The Last General Absolution of 2nd Royal Munster Fusiliers at the Rue du Bois before the Battle of Aubers Ridge in 1915 by Fortunino Matania.
16th (Irish) Division and the Gas Attacks at Hulluch (Loos) April 1916
By Peter Crook
In May 1915, my wife’s grandfather, James Kidney, enlisted at Ennis in Co. Clare in the 8th Battalion Royal Munster Fusiliers, 47th Brigade, 16th (Irish) Division. What follows is part of his story as an Irish soldier in the British army.
An Irish soldier in the British army.
The 16th (Irish) Division had been formed in September 1914 with its Headquarters in Dublin. But because 10th Division had priority in organising and first claim on accommodation and training areas, Headquarters 16th Division was established at Mallow, Co. Cork.
The Division was a long time getting to the Front. Training was slow because of a shortage of weapons and equipment and because of difficulties in recruiting for the last Brigade (49th).
Following months of training in Ireland, the Division left in September 1915 for a final three months of training at Blackdown near Aldershot in Surrey. Training was very poor - it mainly consisted of route marching and limited target practice. After a royal inspection by Queen Mary on 2 December the 16th (Irish) Division, 47th and 48th Brigade (but not yet 49th Brigade), arrived in France on 18 December 1915.
The early months of 1916 were spent preparing men for the ordeal of trench warfare. 16th Division’s first deployment was in the muddy trenches around Hulluch in the 1915 battlefield of Loos.
A German deserter warned of the use of gas
A German soldier who had deserted on the night of 23/24 April 1916 gave the first information about an impending gas attack. Aerial observation showed the presence of gas cylinders in the German trenches and swarms of rats invaded No-Man’s-Land as they tried to escape from gas leaks in the German trenches.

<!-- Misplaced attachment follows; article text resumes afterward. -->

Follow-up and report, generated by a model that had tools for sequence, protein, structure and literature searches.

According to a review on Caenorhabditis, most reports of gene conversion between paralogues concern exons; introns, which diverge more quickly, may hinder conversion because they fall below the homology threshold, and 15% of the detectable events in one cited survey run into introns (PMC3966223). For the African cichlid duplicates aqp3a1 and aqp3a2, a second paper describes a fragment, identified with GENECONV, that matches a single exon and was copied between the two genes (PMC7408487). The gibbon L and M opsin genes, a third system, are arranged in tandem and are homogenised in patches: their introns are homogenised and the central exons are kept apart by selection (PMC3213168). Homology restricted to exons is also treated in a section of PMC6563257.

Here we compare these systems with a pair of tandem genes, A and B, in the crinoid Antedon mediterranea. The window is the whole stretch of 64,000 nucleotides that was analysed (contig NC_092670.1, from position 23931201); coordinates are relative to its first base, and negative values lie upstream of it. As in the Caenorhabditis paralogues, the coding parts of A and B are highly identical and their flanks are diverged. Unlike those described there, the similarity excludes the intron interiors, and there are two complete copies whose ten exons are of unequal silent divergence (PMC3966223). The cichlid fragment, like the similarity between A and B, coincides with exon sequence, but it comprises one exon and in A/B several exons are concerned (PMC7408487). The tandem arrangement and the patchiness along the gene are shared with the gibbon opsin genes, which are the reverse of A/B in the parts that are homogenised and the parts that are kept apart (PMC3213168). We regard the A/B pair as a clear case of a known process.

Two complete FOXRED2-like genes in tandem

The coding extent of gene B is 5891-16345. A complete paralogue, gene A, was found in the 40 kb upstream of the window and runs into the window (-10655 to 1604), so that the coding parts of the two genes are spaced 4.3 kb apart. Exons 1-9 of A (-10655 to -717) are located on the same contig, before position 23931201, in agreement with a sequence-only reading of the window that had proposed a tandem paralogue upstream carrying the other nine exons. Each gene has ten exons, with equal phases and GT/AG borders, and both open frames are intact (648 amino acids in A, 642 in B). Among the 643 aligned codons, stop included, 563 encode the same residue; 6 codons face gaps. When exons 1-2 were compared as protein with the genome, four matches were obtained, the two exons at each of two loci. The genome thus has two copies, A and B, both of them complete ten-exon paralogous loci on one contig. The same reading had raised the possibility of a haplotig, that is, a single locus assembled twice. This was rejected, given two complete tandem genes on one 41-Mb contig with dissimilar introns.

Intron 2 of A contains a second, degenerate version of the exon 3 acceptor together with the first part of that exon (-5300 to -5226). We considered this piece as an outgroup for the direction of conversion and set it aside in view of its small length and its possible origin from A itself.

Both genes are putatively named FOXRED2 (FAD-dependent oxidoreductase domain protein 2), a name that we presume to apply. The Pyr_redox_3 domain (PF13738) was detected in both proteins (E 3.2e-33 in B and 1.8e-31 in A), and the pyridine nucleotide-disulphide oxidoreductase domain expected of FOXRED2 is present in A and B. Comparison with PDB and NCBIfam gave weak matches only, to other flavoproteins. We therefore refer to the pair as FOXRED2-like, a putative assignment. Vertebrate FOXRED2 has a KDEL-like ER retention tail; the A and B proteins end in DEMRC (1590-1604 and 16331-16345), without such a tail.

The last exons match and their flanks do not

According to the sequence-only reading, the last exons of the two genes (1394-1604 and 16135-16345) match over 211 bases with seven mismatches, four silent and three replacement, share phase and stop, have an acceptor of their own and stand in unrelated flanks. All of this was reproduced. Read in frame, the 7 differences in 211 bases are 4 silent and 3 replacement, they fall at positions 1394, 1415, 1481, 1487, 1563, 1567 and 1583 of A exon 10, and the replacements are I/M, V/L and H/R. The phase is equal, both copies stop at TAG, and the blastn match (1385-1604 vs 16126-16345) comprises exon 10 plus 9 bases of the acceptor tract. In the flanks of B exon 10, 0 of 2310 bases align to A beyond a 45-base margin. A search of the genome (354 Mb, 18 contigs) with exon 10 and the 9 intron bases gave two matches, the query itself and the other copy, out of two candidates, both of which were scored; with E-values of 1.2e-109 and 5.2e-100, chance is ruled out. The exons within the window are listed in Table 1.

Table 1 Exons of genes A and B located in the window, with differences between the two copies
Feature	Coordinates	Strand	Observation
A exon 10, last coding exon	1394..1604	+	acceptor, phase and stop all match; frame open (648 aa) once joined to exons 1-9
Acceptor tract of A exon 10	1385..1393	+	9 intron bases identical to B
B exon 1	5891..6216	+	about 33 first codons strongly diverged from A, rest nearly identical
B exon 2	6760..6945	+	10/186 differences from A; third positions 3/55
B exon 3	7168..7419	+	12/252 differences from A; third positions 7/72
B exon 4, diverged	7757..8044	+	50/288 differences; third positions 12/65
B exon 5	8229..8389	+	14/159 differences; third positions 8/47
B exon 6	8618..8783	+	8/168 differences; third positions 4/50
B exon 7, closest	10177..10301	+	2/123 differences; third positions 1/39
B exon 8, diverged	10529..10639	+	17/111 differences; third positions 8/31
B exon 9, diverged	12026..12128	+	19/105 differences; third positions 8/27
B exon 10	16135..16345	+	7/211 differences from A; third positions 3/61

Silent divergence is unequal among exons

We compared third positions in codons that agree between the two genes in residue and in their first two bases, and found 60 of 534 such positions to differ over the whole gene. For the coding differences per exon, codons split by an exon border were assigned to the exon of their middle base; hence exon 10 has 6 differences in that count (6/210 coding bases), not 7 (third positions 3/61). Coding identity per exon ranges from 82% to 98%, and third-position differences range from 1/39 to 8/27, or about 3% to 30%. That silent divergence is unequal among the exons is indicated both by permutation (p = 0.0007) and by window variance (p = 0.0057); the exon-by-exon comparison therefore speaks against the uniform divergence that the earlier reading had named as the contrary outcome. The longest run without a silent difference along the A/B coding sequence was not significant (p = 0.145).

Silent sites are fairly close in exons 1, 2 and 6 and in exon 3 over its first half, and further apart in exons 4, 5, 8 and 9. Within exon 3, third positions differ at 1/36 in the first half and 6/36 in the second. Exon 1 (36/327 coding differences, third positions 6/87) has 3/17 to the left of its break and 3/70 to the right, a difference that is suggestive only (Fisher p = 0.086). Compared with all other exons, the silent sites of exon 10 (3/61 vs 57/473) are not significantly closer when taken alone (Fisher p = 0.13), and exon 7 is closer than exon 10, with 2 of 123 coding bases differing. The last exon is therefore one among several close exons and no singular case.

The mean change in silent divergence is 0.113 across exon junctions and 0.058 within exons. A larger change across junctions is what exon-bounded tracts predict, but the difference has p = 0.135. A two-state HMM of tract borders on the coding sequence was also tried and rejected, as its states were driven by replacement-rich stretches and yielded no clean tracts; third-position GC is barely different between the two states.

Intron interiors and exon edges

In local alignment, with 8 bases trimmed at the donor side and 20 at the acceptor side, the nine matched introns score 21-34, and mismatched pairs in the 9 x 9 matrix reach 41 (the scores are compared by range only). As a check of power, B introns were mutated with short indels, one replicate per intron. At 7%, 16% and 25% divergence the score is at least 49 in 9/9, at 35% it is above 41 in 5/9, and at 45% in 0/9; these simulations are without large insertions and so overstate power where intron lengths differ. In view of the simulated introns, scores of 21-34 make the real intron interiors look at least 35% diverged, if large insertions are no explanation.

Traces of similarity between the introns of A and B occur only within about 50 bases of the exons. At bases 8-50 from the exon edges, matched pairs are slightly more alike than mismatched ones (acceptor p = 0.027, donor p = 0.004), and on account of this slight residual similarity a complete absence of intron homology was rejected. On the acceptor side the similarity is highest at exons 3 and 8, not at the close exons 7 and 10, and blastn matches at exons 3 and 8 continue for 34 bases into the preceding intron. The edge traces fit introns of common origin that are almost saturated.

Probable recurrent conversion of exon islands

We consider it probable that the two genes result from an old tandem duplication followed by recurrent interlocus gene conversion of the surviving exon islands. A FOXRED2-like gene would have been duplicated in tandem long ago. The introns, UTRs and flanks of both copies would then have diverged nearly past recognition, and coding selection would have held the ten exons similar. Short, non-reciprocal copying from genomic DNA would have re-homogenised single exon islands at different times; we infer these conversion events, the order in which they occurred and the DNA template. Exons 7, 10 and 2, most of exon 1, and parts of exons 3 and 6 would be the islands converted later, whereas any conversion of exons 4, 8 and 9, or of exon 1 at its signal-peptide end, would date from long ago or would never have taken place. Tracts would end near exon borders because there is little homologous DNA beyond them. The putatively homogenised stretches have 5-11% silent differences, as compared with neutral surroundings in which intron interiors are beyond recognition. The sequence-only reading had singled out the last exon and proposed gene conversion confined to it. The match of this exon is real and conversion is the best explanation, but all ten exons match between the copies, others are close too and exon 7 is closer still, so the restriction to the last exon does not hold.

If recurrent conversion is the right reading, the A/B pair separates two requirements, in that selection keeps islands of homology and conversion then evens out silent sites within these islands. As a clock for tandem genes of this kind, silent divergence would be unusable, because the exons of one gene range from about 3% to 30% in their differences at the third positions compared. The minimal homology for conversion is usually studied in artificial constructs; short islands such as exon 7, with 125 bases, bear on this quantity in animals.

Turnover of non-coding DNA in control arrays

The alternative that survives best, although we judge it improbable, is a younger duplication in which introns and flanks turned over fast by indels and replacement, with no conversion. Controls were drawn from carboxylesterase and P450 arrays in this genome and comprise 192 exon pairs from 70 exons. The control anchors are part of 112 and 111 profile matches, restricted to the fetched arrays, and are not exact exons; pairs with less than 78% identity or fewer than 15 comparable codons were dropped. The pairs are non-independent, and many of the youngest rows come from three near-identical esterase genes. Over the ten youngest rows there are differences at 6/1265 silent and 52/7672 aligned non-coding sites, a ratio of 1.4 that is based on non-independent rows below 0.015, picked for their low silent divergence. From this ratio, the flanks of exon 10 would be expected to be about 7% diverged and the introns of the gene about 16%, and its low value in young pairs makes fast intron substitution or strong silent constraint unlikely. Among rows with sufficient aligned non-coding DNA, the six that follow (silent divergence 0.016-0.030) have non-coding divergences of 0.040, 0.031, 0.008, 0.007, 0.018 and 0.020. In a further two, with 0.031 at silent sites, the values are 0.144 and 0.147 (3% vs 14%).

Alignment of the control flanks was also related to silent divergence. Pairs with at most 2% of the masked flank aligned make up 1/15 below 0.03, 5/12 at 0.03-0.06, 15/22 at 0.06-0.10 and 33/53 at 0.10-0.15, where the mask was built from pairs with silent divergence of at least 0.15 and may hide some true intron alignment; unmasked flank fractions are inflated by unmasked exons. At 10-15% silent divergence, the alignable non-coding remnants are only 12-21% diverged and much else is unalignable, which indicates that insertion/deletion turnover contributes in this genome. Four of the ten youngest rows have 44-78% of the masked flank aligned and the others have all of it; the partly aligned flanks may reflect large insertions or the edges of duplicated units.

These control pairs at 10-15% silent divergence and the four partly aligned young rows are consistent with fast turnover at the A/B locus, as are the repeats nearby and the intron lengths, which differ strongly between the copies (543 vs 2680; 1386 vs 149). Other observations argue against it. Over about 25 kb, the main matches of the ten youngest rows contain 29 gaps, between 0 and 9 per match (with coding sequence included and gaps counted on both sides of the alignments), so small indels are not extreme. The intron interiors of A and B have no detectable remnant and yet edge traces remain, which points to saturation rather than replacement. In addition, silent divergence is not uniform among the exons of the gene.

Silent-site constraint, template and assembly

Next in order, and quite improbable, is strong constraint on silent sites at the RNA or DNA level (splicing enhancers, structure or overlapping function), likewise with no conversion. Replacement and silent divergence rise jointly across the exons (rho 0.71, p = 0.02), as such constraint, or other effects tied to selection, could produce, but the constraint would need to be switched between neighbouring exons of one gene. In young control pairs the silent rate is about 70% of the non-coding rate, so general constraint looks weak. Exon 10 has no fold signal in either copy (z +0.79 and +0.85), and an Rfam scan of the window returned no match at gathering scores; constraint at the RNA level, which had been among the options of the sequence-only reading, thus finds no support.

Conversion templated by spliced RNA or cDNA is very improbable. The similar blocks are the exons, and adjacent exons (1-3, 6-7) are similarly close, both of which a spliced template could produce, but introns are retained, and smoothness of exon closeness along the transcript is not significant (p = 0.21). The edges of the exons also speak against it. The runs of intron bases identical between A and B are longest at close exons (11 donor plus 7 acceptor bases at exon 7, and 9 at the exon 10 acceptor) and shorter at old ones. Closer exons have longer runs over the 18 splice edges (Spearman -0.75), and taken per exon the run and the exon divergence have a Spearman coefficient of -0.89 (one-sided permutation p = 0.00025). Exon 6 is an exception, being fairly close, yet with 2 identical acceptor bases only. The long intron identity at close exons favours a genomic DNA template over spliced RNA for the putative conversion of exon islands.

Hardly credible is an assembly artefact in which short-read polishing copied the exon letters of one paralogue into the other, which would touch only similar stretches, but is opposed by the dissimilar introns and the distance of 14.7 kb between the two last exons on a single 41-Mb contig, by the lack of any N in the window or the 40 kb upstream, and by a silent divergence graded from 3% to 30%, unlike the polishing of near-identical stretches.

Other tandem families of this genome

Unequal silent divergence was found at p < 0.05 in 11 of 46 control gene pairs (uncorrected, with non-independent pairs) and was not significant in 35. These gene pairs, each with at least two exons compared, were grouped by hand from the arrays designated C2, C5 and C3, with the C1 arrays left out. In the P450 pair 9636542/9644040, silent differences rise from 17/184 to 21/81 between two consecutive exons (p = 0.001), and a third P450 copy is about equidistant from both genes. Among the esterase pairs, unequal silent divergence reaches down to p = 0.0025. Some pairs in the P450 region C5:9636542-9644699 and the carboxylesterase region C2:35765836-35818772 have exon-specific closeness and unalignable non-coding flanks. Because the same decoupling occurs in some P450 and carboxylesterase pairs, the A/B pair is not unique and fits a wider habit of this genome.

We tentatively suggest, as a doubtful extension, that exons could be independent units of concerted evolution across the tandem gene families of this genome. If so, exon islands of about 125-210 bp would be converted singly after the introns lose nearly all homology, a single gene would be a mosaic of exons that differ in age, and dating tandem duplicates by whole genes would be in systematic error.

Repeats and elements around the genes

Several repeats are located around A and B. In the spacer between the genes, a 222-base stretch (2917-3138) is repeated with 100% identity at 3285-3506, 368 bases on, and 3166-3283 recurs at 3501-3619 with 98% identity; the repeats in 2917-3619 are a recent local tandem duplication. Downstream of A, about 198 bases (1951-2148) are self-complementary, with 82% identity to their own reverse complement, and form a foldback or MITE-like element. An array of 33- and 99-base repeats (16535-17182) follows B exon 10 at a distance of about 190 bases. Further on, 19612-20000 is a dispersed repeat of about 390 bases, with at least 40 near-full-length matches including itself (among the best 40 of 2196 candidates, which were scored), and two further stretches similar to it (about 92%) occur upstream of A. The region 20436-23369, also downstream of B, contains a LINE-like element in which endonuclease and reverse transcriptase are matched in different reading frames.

Orders were given to reinforce the barbed wire, blankets soaked in ant-gas chemicals by Vermorel (i) sprayers were placed over entrances to dug-outs and respirators were made ready.
The available respirators were inefficient compared with later designs. They were flannel ‘PH (Phenate Hexamine) helmets’ and the soldiers had doubts about their effectiveness.
At 05.00 on 27 April, the Germans bombarded the Irish lines.
At 05.10, they released their chlorine gas mixed with smoke. Visibility in the Irish trenches was reduced to three yards, such was the concentration of the cloud. At the same time, German artillery bombarded the Irish communication trenches and rear positions - the latter with gas shells.
At 05.55, the Germans exploded two small mines under the Irish front line followed by a further intense bombardment and the release of another gas cloud.
German infantry advanced and managed to get into the Irish front line trench.
Although German shelling had blocked communication trenches and cut telephone wires, making the sending of orders extremely difficult, many Irish company commanders sent forward reinforcements on their own initiative and the German intruders were forced out of the Irish trenches. Enemy dead counted in front of 48th Brigade amounted to approximately 200 and, in front of 49th Brigade, 250.
Then the wind changed direction and blew the gas clear of No-Man’s-Land and back into the crowded German trenches. Now, British heavy artillery opened up - some from a considerable distance away - and caused massive German casualties.
According to the 'Official History' the attack was over by 07.30.
Then came the clearing up – and not just of the smashed trenches.
An officer of the 7th Leinster Regiment, Lieutenant Lyon, had the terrible task of gathering the dead.
"They were in all sorts of tragic attitudes, some of them holding hands like children in the dark."
He and his men found themselves pestered for the next few days by "half-poisoned rats by the hundred".
The Chaplain to the Dublin Fusiliers, the famous Father Willie Doyle, described the scenes after the attack in a letter home to his father: